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Feeling Very Lethargic


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6 replies to this topic

#1 TFoxx

 
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Posted 10 July 2008 - 02:18 PM

I was diagnosed about 3 weeks ago. I have been feeling terribly lethargic, exhausted, and weak. I also keep getting mild headaches later on in the day. I have eliminated gluten, and eat alot of veggies, fruits, nuts, rice and chicken. Stomach problems have gotten a little better. I think I may be sensitive to soy, which I consume every now and then. Could this be causing this.. or?
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#2 ShayFL

 
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Posted 10 July 2008 - 02:37 PM

I felt worse for the first 6 weeks....tired...hungry....irritable. It got better....much better!!

Hang in there!!

Soy is a problem for many. You could try eliminating it and see if that helps. Dairy is also one to give up for a little while too.
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GLUTEN FREE 4/4/08. LEGUME/SOY FREE 5/15/08. YEAST FREE. CORN FREE. GRAIN FREE. DAIRY FREE. I am eating all meats, eggs, veggies, fruits, squash, nuts and seeds. I just keep getting better every day. :)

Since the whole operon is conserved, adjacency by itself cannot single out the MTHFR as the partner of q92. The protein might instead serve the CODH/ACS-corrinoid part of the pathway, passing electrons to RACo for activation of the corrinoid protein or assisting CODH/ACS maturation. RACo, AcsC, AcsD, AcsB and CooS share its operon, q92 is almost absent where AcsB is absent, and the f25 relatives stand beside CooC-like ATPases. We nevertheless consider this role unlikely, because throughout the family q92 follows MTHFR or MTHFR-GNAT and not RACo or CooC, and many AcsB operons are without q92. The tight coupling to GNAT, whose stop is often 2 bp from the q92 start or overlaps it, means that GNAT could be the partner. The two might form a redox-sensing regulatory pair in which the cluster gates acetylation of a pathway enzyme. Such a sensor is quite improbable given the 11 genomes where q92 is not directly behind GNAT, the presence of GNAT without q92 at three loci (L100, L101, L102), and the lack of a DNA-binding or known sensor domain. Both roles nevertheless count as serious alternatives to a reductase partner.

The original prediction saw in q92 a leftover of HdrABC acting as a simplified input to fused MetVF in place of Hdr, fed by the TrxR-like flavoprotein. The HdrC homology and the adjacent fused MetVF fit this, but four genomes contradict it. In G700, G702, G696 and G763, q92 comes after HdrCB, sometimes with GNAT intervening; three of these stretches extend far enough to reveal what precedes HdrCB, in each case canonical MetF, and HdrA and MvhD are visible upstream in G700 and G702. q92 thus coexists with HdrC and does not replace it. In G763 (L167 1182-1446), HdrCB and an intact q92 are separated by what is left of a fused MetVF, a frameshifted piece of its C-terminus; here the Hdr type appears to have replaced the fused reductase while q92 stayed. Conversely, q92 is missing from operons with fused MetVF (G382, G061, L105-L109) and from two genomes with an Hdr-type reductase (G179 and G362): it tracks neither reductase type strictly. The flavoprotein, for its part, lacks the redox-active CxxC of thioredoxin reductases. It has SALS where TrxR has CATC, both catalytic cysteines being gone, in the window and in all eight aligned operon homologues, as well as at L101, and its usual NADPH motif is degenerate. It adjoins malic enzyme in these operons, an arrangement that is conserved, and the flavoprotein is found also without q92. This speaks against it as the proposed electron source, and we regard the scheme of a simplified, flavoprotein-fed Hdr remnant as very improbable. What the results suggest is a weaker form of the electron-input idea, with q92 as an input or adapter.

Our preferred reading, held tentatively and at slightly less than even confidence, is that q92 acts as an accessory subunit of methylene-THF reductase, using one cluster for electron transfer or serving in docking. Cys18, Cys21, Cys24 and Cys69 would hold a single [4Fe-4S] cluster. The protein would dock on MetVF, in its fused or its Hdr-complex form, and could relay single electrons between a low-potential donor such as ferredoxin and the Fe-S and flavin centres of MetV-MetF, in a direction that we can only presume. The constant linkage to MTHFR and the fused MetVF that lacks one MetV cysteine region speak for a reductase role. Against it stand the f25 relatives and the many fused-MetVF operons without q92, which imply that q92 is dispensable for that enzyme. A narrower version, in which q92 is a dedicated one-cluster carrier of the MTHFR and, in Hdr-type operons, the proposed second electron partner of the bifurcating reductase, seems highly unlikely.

Do not let any of the advice given here substitute for good medical care. Let this forum be a catalyst for research. Find support for any post in here before you believe it to be true. Arm yourself with knowledge. Let your doctor be your assistant. Listen to their advice, but follow your own instincts as well. Miracles are within your reach. You can heal!

#3 missy'smom

 
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Posted 10 July 2008 - 04:20 PM

Gluten does quite a bit of damage to our intestines, varying per person, and causing us to not absorb and get the full benefits from the nutrients we ingest. Make sure you take a multivitamin. Many take a powder or liquid at first because it's more easly absorbed. It can take quite a while for the intestines to heal and for some to completely get over that exhaustion. You could get blood drawn to see if your deficient and test for things like anemia and thyroid and other problems that can cause fatigue. Hang in there. It can be frustrating but let your body rest if it needs to and make sure you're eating well and not skipping meals.
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Me: GLUTEN-FREE 7/06, multiple food allergies, T2 DIABETES DX 8/08, LADA-Latent Autoimmune Diabetes in Adults, Who knew food allergies could trigger an autoimmune attack on the pancreas?! 1/11 Re-DX T1 DM, pos. DQ2 Celiac gene test 9/11
Son: ADHD '06,
neg. CELIAC PANEL 5/07
ALLERGY: "positive" blood and skin tests to wheat, which triggers his eczema '08
ENTEROLAB testing: elevated Fecal Anti-tissue Transglutaminase IgA Dec. '08
Gluten-free-Feb. '09
other food allergies

#4 Rosewynde

 
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Posted 10 July 2008 - 08:00 PM

It takes varying times for recovery. I got partly better in a week but it's taken me a lot longer to regain the rest. Dairy is definitely another thing to check out as that and Celiac disease often go hand in hand. I get similar reactions to glutening when I've tried dairy again.